Recent research (Hodge, 2014) endorses and verifies the value and relevance that supervision offers to help keep coaches fit for practice. The process of reflecting on practice on a one-to-one basis has been found to be extremely useful and highly valued. It is often a vital ingredient in the coach’s professional well-being and effectiveness.
In this participative session, you will be invited to explore some of the following questions:
- What does supervision really involve?
- What are the functions and purpose of supervision?
- What part do supervisors and coaches each play in making this an effective learning relationship?
- How do both participants in this dyad attend to the developmental and restorative purpose and needs of the coach?
We will consider how the coach can make the most of the process through preparation and participation so that the they gain greater self-awareness and insights, enabling them to be at their best with their clients.
In this webinar, participants will learn more about what supervision involves, why it matters and how it contributes to professional practice. You will be invited to consider how supervision may best support coaches at all levels and stages of professional and personal development.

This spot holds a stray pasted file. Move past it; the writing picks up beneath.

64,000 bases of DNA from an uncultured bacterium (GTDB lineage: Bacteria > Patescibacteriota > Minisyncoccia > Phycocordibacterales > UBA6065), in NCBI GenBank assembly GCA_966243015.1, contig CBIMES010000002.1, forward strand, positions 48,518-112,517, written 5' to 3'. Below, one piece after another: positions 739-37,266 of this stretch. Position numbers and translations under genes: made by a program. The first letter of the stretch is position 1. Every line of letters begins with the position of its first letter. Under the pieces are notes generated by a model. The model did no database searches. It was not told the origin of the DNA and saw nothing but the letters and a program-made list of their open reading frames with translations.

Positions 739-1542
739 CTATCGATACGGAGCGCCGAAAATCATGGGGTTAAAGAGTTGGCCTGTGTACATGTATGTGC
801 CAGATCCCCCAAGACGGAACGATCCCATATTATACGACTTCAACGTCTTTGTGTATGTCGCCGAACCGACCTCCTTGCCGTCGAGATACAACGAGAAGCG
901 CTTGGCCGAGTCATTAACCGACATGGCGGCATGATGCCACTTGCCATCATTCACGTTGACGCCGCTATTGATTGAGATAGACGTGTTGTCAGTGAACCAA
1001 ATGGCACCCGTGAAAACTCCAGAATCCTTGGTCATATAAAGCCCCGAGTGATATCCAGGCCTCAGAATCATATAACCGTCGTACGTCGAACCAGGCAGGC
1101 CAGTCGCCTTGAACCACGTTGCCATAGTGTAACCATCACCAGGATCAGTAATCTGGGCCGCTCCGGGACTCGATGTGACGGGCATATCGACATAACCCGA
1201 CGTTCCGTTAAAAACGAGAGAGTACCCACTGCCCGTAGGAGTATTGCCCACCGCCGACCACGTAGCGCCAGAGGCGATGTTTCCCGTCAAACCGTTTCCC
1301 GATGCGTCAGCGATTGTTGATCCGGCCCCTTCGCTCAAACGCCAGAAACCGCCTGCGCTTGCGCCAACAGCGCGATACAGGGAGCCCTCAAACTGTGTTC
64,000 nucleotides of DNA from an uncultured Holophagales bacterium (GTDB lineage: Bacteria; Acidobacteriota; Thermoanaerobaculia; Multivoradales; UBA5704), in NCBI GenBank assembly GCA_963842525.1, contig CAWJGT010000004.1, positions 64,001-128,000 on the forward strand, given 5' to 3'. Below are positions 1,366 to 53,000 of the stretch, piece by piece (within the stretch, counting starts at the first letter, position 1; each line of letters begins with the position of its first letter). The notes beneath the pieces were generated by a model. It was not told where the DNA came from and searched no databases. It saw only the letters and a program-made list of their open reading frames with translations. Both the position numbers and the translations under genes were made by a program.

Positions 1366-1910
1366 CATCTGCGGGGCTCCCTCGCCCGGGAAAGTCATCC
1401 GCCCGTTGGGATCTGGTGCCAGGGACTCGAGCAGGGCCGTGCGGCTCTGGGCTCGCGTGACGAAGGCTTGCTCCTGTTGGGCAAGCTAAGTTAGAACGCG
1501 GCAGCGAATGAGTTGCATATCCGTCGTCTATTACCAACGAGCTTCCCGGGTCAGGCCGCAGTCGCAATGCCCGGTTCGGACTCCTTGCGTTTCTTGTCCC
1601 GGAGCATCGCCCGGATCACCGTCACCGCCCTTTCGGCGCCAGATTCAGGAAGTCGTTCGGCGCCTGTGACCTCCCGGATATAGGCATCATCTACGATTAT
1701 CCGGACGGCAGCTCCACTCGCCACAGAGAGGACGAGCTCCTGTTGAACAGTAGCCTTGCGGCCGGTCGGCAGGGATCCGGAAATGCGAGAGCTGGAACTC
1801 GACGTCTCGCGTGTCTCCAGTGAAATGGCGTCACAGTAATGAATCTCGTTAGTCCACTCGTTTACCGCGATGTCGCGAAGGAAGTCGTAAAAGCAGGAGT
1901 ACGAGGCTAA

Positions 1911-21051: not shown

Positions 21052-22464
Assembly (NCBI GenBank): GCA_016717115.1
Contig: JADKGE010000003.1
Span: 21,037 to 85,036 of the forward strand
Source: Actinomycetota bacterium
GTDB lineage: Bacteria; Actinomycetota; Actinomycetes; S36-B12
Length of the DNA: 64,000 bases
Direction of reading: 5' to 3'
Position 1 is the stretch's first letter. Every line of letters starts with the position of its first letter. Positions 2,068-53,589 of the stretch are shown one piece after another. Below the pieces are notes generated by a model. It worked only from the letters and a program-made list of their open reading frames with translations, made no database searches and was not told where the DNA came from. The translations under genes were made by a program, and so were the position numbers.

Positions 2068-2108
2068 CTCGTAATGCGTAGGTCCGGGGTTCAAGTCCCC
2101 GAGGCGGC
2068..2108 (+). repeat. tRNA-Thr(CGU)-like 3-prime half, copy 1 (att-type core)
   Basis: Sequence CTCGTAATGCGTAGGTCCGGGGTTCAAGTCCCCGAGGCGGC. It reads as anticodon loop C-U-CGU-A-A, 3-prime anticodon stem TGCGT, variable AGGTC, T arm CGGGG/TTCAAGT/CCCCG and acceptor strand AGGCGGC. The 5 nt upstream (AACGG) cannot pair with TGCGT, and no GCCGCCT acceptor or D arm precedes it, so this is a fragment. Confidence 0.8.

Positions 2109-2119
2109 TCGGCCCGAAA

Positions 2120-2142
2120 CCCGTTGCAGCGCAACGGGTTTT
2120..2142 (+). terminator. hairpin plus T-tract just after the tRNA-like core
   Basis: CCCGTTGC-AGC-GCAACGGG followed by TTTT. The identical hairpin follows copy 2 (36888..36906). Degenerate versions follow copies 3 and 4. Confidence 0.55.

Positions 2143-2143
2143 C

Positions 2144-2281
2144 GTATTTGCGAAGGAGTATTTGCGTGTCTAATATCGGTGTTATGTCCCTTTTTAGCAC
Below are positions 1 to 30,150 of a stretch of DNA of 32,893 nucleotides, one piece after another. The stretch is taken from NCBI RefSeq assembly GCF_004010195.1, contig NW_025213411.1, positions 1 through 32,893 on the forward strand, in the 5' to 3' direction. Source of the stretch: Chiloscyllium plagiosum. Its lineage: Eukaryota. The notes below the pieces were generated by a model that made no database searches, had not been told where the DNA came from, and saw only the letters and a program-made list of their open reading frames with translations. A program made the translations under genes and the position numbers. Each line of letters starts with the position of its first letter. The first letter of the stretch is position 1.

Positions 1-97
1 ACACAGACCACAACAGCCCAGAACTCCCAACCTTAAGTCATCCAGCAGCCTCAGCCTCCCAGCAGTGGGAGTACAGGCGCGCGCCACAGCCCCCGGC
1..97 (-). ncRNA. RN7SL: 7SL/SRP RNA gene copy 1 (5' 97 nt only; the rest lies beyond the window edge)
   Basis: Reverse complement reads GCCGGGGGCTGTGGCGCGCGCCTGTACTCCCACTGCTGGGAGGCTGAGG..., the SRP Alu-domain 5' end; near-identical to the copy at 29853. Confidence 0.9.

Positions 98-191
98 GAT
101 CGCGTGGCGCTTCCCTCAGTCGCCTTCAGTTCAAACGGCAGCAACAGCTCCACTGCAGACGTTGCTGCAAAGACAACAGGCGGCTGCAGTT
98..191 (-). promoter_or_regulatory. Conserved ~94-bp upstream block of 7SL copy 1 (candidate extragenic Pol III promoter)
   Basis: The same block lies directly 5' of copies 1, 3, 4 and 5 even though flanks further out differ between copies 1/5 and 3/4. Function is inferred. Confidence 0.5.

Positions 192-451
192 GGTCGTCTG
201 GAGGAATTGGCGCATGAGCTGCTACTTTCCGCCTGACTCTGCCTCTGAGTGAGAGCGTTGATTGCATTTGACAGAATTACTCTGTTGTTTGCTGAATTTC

Who should attend?
This webinar will be of interest to coaches and supervisors who are keen to explore how to make the most of their supervision, both personally and professionally. Equally, HR and L&D professionals may find this of interest if they are involved in setting up coaching services and want to provide relevant support to their internal and/or external coaches.
The fee for the webinar is £25 + VAT (10% discount for Henley alumni; free for Coaching Centre members).
Dr Alison Hodge is an accredited Executive Coach and Executive Coaching Supervisor with APECS and EMCC. She works globally as a coaching supervisor and with supervisors-in-training. She is a member of the Executive, Director of Research and a Senior Faculty member with CSA (Coaching Supervision Academy) and graduated with a DProf in Coaching Supervision from Middlesex University London in July 2014.
Alison has found that a powerful source of understanding for both the coach and supervisor lies in their relationship and interactions. When both parties are involved in co-creating the supervision relationship, the potential learning for both parties is tremendous.
Hodge, A (2014) An Action Research Inquiry in What Goes on in Coaching Supervision to the End of Enhancing the Coaching Profession. Doctoral thesis, Middlesex University.